I also happen to know - that becasue the flight crew was too busy and the gate agents were too busy, I could have created a situation where the flight was delayed leaving. I told the lead flight attendant about my issue, upon boarding. He told me he would send someone back to help us. Which never happened. Had L and I not dealt with the issue, I am not sure who would have and I will, in the interest of full disclosure, state, I authorized her to throw a fit to end all fits, if it came to that.

While I can totally see the advantage to the fee model, from the perspective of the balance sheet. It makes sense, on paper. The problem is for consumers, it makes the fee bearing items/services a premium item and then you actually have to deliver. I pay $50 for my checked bag, you damn well better have it waiting for me when I get to my destination. I pay for my seat assignment, you better have provisions in place to ensure I get exactly the seat I request. You charge me for carry on, you better be prepare to let me have my pick of the overhead bin.

The bottom line - airlines are not just providing carriage, the sooner they realize that, the more likely they are to find consumers willing to pay more per ticket.

Some customer service would go a long way here boys and girls. Airlines, your customer service attitude from CEO down to baggage handler sucks and no fee can fix that.

Do you really want that list of ten words to be what defines you? I surely wouldn't.

Thursday, July 8, 2010

First Fireworks

This year was E's first ever fireworks. E is an early to bed kind of guy for the most part, so we have never tried to fight that particularly. This year though, E wanted to go to the fireworks and H was out of town in NYC, so if L and I were going, E really had to tag along.

My dear friend K came with us. We got to the normal spot, in what L calls the "fireworks park" and waited, while L and E played on the playground.

The show was wonderful. Lots of variety.

E sat on my lap, with a self described "scared face" but he did not cry and I think he really did like the show, but could live without the booms. He said it was like super scary thunder.

I figured this would mean, next year he would pass. Then the other day he announced.

"Mom, when I grow up, I am going to be the fireworks guy. You can come watch me if you want."


Yes I know, I have not been around much. I have been laid up with a sinus infection, prepping for and then taking a trip to Cancun. Then back home for a fantastic 4th of July holiday weekend.

Whew. I am currently sitting on the love seat in my home office, in my pjs, recovering from the whirlwind of fun.

So Cancun, you say? Yes Cancun. My very dear friend JS got married to a very nice man we will call EM. I have met him once before, took the time to explain to him that the first man she married, who cheated on her and then got angry when she found out, yes him, well I have a very heavy American made SUV and I know how to use it, let's just say. I was willing and I am only 6 hours away.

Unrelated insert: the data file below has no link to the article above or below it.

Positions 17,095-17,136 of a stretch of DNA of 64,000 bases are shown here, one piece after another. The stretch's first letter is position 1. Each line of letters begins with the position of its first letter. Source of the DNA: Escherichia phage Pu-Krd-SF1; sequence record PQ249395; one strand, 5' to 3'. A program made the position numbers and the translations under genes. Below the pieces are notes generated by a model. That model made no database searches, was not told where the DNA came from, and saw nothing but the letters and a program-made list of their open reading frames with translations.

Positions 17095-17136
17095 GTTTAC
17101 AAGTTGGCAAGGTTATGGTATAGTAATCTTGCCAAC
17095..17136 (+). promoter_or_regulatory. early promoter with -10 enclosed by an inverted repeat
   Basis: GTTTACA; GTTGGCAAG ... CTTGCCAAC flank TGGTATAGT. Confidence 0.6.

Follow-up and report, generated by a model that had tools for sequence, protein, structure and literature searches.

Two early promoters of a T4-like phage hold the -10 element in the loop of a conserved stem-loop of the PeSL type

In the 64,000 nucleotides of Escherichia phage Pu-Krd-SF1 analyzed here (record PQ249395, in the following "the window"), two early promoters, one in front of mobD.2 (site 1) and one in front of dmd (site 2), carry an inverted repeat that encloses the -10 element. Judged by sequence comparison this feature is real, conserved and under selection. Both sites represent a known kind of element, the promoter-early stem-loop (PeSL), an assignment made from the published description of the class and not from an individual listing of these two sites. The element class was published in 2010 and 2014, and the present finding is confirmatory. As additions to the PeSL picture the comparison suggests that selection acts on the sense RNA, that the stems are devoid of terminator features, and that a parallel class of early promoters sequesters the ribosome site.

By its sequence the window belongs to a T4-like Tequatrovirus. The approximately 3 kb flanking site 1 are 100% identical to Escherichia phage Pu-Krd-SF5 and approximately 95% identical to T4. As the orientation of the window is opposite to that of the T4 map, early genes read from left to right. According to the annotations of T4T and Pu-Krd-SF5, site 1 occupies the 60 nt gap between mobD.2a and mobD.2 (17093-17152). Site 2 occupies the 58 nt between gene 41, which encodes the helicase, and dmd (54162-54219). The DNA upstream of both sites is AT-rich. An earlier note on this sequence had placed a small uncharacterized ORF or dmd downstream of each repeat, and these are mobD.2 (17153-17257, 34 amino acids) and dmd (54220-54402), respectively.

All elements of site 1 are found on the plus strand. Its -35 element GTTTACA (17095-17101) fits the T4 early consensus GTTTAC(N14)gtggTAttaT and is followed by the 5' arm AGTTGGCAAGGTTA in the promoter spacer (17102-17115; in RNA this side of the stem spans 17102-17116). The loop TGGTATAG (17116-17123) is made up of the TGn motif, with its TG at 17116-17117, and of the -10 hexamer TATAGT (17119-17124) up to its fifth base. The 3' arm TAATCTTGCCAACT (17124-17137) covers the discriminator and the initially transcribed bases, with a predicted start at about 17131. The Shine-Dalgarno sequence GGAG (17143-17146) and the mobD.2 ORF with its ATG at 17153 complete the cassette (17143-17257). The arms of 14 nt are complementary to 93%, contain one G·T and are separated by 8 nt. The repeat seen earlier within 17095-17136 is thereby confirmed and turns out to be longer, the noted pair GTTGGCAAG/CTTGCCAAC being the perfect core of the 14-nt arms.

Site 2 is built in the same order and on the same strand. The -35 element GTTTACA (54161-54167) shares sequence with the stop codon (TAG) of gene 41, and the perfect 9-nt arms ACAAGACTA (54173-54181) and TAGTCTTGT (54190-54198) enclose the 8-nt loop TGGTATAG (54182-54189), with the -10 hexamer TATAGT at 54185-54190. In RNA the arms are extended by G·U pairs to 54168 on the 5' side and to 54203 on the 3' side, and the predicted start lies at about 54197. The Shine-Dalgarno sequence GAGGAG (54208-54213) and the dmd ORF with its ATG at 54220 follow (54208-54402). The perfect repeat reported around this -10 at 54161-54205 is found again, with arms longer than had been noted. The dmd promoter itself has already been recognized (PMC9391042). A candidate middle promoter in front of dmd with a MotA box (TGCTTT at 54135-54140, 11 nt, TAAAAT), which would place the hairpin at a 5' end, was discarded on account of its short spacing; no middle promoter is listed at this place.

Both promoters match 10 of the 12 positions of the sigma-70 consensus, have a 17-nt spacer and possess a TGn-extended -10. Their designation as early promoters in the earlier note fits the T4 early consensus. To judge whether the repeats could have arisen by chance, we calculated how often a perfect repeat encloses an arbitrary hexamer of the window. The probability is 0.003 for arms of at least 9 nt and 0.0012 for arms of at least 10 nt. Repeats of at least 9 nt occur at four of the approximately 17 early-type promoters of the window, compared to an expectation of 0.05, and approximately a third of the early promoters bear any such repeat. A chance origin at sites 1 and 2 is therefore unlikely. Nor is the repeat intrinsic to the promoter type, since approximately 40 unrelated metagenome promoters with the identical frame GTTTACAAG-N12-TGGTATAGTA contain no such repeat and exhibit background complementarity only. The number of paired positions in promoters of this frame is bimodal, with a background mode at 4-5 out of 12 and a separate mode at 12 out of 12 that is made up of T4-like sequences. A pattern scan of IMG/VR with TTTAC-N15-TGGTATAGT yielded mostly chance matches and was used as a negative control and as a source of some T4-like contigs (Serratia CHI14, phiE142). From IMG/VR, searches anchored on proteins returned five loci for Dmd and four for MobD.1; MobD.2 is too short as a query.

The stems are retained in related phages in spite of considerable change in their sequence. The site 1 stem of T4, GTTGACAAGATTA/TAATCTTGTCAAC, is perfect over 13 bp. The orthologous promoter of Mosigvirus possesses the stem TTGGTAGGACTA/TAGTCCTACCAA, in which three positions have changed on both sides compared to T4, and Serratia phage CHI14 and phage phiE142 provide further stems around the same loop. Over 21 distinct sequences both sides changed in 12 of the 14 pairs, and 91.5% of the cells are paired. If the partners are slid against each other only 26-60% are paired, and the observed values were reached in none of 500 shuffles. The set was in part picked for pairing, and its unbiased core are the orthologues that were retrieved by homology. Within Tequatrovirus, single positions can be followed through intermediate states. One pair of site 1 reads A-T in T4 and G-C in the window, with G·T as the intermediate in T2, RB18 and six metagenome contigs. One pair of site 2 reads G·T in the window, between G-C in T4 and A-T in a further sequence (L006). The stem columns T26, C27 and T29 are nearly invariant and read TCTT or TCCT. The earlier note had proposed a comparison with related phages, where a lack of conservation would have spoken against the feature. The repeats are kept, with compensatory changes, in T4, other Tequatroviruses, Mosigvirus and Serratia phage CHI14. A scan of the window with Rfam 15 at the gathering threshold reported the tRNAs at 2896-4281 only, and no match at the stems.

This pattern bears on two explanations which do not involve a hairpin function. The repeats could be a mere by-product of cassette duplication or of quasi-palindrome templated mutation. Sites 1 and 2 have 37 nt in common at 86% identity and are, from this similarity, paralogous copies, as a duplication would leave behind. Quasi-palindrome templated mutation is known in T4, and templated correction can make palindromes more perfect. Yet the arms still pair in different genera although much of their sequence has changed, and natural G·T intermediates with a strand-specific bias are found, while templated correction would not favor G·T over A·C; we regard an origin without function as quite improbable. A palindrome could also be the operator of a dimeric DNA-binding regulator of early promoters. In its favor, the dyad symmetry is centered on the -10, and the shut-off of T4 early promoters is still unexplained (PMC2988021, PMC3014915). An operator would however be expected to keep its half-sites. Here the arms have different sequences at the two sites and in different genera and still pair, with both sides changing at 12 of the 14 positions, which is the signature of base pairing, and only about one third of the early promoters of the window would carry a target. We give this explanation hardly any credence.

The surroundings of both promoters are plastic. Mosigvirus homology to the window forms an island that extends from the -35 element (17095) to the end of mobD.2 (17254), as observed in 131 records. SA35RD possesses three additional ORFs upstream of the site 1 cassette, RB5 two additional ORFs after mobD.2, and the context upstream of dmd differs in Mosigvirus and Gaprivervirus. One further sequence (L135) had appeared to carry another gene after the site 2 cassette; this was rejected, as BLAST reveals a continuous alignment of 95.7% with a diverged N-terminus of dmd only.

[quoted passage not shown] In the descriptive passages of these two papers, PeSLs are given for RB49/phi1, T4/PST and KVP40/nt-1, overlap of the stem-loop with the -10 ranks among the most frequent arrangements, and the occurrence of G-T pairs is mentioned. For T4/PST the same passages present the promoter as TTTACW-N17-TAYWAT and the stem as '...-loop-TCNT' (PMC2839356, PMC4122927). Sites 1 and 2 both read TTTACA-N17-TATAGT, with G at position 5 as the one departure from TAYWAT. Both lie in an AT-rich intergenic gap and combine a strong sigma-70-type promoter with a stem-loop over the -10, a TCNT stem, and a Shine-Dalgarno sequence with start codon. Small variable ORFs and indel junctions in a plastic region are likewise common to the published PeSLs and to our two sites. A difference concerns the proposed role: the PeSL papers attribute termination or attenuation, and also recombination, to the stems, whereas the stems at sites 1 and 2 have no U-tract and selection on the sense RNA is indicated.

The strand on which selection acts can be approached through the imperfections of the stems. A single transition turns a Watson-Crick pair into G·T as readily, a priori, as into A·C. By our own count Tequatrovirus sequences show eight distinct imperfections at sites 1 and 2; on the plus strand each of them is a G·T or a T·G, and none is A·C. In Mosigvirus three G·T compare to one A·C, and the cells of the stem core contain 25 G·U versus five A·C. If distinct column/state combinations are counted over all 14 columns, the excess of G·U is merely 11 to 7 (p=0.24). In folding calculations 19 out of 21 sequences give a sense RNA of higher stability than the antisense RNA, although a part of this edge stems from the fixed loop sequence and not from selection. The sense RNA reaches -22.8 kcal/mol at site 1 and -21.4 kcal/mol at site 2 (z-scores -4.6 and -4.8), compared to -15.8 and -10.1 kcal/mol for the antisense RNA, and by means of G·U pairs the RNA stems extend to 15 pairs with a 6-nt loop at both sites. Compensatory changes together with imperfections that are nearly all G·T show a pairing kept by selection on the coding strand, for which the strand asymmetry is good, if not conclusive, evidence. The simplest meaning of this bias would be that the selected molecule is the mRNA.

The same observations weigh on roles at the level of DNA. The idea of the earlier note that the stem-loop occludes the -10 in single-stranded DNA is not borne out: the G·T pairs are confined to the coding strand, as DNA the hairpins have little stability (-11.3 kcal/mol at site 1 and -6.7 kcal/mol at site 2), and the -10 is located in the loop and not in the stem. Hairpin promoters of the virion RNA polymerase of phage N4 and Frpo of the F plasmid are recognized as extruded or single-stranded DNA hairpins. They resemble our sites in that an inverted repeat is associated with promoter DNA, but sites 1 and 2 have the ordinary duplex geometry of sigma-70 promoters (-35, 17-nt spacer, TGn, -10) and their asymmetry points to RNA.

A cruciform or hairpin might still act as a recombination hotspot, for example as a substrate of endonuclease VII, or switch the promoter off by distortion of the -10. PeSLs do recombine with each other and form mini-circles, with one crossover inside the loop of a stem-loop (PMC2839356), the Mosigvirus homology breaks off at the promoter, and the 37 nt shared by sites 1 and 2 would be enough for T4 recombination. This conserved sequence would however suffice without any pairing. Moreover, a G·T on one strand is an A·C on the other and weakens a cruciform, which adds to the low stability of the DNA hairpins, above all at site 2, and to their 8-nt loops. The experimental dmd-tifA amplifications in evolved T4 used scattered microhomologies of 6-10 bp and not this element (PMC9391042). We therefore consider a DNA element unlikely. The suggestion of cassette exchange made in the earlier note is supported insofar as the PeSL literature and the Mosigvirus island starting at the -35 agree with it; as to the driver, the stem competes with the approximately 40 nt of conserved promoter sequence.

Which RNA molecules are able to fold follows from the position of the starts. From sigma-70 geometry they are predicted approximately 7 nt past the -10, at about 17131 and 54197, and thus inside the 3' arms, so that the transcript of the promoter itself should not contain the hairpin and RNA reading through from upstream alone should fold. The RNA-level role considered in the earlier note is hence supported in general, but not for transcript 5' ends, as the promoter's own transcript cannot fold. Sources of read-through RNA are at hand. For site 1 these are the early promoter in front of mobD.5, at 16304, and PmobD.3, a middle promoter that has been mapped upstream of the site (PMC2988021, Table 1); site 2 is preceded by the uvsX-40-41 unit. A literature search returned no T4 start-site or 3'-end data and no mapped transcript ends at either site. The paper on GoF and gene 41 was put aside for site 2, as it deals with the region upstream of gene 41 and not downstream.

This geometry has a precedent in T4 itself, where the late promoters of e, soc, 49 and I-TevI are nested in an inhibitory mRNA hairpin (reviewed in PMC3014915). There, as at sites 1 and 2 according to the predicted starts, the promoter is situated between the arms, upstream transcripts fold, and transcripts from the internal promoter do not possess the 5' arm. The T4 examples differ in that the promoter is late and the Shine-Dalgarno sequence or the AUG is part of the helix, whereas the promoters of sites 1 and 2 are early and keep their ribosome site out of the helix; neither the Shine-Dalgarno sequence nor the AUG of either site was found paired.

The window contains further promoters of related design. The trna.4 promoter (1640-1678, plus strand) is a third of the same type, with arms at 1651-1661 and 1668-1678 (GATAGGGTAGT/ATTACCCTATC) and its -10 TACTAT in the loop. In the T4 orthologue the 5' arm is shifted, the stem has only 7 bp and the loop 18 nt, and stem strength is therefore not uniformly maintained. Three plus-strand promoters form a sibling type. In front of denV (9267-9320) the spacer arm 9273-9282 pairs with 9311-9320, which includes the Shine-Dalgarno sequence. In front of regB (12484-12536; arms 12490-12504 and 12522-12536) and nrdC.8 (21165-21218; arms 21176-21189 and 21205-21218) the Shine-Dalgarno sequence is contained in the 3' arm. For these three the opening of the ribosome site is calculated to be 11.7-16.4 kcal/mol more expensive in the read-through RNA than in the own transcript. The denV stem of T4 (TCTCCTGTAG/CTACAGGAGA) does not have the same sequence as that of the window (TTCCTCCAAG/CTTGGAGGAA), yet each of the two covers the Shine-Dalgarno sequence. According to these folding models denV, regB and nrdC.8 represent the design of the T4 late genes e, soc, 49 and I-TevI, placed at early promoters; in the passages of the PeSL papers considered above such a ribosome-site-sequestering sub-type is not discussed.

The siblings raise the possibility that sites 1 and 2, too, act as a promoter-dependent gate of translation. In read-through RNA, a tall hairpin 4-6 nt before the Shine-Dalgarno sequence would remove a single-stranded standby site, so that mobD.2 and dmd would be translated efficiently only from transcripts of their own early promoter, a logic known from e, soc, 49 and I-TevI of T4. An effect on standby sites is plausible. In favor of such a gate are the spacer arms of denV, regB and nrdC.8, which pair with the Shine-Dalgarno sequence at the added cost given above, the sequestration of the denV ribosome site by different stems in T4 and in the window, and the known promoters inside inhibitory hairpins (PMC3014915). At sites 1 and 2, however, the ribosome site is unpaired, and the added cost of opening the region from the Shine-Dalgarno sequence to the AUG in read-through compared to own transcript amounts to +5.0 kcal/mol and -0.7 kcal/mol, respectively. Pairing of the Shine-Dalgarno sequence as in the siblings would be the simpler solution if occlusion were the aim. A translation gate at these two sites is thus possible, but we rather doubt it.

No really, he, EM is nice guy and he makes JS very happy and she makes him happy and I think they are very happy together. I was very pleased to be there with them as they celebrate love, commitment and flirted with a tropical storm.

I have schlepped all over central and northern Europe. More than once. Actually 5 times I think. I have been to Canada at least 3 times. All over the US and I have tackled NYC more than once by myself, with some directions and suggestions scratched out on a piece of paper by my other dear college friend SS.

I was over the moon worried about Mexico. I posted this to Facebook:

Is wishing JS and EM, were getting married in an English speaking country... I am ridiculously hung up on the fact that I speak German and understand a passable amount of French and am going to a place I just don't speak the language. I need to get over this, cuz I wouldn't miss this for the world, but still...

This was the kicker for me. I have not, in a very long time, traveled somewhere, where I cannot speak the language. My German is still pretty fluent and my French will succeed in finding me the WC, a roast beef sandwich and the police. It might get me kissed too...

My only other trip to the Caribbean, was to the Bahamas, where English is the official language.

It also did not help, everyone and their Uncle took this opportunity to tell me their, "Oh I went to Mexico once..." story, which always had a bad ending or involved vomit or stolen property.

I am pleased to report. We had a fantastic time, Tropical Storm Alex notwithstanding. We traveled there without a hitch really. We had one airline induced issue - which will be addressed in a separate post.

The kids and I made it solo. They were troopers. Tired little soldiers when we arrived in hot and humid and rain soaked Cancun, but troopers nonetheless.

All the horrible stories about customs and transport in Cancun, all wrong. We met our driver, waiting for a reasonable amount of time. Arrived at our hotel, were treated like guests. Drinks while we waiting to check in.

Our room was amazing. Ocean view, marble everywhere. A jacuzzi in the room as big as the bed. Two double beds, a shower bigger than a generous walk in closet. Since it was all inclusive, we had a fantastic, stress free room service meals.

The pools at the Moon Palace were fantastic and the kids swam and swam, despite the less than perfect weather. The wedding was lovely, very sweet and the wind did not hamper the beach feel, even though it was moved out of the sand and into a beautiful glassed in gazebo.

While I saw nothing of Cancun but the resort, I would totally go back. I found the people to be friendly and welcoming.

The check in at the airport, was organized and frankly more hospitable than what one gets in the US.

Now as I relax, becasue lets face it, traveling with little people, even to relaxing all inclusive resorts solo, is not relaxing exactly. A nice change of pace, but not exactly relaxing the way I am now, in my pjs, writing uninterrupted, the cool breeze of a ceiling fan mussing my hair.